Opinion  

Top performers

James Bateman

I would like to say that people often start looking at job opportunities in January because the new year gives them a new sense of perspective and energy with which to view their career and aspirations.

However, in reality, I suspect the flurry of job-related activity in January more reflects the recent bonus season and the greater ease of movement when potential bonuses do not need to be ‘bought out’ by new employers. Either way, however, it seems an appropriate moment to think about how we, as investors, should view both movements in senior company management, and also movements in fund managers.

I have questioned before whether a good chief executive makes a good company, and while I do believe that superior management is one of the facets that makes a ‘quality’ business, it does not necessarily follow that a change to less good – or unproven – management at a company will, per se, be detrimental to a company’s fortunes, nor that bringing in ‘good’ management will act as a panacea. And so, perhaps, the market’s reactions to changes in chief executives – which can often be quite dramatic – are more buying opportunities for the smart investor, than a reason to make fundamental changes to his or her investment thesis.

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But what of fund managers? How should we view their moves, both as investors in the funds they are leaving behind, and as potential (or existing) investors in funds they are given in their new job? And if the average fund manager tenure really is as short as the often-quoted three years, this becomes a very important question. Since I manage a team of fund manager selectors, who spend their days researching managers and reacting to such moves, it is also a question close to my heart.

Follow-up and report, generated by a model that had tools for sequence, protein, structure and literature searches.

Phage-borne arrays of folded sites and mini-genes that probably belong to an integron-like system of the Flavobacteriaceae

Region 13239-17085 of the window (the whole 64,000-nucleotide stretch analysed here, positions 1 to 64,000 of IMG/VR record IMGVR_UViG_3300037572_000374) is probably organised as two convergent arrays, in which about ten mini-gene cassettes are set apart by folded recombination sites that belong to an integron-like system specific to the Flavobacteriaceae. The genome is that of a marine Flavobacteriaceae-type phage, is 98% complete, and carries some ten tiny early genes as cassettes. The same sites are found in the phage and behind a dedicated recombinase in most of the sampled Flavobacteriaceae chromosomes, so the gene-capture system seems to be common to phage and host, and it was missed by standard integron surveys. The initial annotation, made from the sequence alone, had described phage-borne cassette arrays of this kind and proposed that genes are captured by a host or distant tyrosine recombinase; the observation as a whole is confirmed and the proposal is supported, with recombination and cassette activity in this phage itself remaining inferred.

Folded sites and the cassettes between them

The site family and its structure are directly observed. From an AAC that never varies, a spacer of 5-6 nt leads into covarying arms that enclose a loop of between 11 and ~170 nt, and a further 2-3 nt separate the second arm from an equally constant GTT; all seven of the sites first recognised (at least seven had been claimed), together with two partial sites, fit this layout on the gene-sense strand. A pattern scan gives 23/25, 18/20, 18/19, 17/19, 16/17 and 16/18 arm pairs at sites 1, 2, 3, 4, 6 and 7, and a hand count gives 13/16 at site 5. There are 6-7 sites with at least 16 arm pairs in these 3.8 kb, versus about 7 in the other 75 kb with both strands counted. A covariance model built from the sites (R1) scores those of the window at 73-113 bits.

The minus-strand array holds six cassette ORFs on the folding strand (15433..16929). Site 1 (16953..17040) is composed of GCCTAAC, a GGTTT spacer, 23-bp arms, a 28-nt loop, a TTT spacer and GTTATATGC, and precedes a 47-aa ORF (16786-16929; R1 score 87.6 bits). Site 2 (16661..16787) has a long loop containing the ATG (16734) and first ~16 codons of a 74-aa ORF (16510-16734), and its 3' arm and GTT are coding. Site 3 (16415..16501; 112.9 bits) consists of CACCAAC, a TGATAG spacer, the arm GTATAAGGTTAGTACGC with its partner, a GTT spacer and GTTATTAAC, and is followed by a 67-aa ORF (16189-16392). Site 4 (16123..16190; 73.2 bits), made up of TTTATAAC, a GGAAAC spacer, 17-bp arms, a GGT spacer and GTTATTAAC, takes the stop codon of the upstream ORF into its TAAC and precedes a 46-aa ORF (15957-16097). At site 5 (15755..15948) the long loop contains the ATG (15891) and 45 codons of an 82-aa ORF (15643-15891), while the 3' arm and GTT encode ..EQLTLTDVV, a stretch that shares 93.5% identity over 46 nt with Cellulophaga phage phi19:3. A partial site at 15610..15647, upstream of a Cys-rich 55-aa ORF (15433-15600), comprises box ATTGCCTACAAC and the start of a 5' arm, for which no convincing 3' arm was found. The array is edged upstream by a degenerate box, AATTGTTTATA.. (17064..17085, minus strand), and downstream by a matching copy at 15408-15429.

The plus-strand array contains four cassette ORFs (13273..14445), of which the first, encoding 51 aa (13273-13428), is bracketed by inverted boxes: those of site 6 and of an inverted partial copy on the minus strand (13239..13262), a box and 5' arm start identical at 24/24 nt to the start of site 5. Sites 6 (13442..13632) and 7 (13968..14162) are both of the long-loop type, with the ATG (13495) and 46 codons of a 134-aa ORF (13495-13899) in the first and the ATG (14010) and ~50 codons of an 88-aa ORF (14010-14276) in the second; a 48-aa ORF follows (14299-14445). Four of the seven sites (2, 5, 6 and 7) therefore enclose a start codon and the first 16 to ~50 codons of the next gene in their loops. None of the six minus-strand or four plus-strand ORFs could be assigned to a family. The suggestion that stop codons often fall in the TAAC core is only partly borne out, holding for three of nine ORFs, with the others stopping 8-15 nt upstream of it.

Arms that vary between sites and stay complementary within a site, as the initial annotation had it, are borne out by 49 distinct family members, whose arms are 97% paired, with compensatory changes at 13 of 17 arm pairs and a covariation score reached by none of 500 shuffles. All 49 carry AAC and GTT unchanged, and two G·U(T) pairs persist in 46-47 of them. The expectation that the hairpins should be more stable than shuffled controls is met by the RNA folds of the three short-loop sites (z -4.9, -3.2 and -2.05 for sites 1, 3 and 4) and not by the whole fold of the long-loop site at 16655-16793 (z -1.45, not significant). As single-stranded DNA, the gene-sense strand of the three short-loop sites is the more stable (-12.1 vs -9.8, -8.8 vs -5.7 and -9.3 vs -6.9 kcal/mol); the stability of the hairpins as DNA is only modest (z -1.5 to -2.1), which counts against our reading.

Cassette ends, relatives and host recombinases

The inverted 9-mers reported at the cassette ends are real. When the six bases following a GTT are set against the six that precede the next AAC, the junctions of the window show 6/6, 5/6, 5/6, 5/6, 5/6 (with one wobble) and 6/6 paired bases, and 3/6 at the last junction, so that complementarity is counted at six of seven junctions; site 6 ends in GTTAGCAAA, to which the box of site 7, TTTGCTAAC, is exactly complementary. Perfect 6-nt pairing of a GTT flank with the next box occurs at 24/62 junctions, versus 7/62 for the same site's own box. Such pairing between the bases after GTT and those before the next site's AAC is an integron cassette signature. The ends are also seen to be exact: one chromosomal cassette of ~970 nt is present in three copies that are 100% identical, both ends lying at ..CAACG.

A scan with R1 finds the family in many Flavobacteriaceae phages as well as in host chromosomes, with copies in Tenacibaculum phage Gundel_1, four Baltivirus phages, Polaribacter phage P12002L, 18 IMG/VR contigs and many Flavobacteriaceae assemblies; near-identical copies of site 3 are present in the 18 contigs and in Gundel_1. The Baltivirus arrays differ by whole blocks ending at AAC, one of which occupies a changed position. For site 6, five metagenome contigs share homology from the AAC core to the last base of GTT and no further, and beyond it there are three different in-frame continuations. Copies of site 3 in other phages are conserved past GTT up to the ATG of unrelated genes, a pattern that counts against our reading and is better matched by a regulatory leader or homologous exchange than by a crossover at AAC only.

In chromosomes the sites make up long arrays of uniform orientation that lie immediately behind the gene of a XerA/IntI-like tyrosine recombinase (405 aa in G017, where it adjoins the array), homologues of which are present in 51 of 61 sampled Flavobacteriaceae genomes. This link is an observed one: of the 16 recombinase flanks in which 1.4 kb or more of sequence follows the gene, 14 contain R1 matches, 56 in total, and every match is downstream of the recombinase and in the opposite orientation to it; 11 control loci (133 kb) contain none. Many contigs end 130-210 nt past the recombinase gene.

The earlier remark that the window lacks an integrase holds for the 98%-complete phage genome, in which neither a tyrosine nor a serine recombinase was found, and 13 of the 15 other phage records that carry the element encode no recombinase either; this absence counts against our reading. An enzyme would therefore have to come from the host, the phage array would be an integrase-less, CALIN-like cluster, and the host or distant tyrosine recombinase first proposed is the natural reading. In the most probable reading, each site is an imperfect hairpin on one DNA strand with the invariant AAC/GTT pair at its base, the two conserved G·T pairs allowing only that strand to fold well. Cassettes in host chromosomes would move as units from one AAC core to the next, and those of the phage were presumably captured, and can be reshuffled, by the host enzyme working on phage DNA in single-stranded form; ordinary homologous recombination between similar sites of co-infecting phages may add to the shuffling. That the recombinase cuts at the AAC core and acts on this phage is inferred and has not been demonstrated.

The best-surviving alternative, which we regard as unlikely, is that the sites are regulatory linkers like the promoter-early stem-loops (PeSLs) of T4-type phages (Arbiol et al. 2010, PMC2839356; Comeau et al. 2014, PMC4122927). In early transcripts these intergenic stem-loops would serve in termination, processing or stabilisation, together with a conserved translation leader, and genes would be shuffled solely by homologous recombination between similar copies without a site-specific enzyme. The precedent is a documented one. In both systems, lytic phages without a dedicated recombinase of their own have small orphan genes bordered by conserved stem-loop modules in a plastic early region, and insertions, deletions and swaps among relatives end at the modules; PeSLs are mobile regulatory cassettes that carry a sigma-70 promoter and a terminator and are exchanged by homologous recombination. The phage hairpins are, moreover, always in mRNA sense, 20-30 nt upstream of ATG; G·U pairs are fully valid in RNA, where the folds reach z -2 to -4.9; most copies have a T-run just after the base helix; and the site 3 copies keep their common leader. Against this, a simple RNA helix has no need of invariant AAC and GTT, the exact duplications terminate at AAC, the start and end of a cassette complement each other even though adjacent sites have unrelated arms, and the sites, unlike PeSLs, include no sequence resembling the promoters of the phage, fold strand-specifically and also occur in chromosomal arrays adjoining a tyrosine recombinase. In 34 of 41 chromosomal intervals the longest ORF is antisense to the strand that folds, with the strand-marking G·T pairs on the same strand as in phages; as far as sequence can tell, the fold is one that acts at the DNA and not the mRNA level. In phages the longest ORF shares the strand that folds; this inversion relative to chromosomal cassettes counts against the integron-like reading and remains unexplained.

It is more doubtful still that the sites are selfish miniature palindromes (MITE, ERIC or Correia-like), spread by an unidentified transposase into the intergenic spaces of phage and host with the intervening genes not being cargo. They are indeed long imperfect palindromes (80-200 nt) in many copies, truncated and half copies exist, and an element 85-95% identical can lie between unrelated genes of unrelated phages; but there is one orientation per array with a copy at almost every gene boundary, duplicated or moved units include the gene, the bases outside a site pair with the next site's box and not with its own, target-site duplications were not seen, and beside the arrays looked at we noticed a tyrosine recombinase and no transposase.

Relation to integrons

The answer, unsurprisingly, lies in the detail. It is understanding how a fund manager handles his portfolio, and what resources they rely on in their current role, that enables us to understand what the likely impact of their departure is on their current and future funds under management. For example, consider a fund manager whose process is broadly analyst-driven, and where the portfolio management is an amalgamator of ideas but not an idea generator. What value do they add? As I have written before, a good portfolio manager is an architect and not a builder, but when fed with enough good ideas, any portfolio manager has the potential to deliver adequate performance as a builder, at least during a three-year period when luck could be on their side.

In this case, a portfolio management departure could actually be positive for investors in the existing fund, as the core alpha generating engine of analysts remains, and the replacement portfolio manager could actually add more value than the incumbent. Conversely, often buoyed by his or her success, and not understanding the value – or lack thereof – of their own contribution, this portfolio manager might be moving to a boutique, unsupported by analysts, in the belief that the track record can be replicated but that the (financial) gains need not be shared with an analyst team. And so the manager moves in the mistaken belief that they can continue to replicate their previous success and manage money independently. All too often this is a disaster.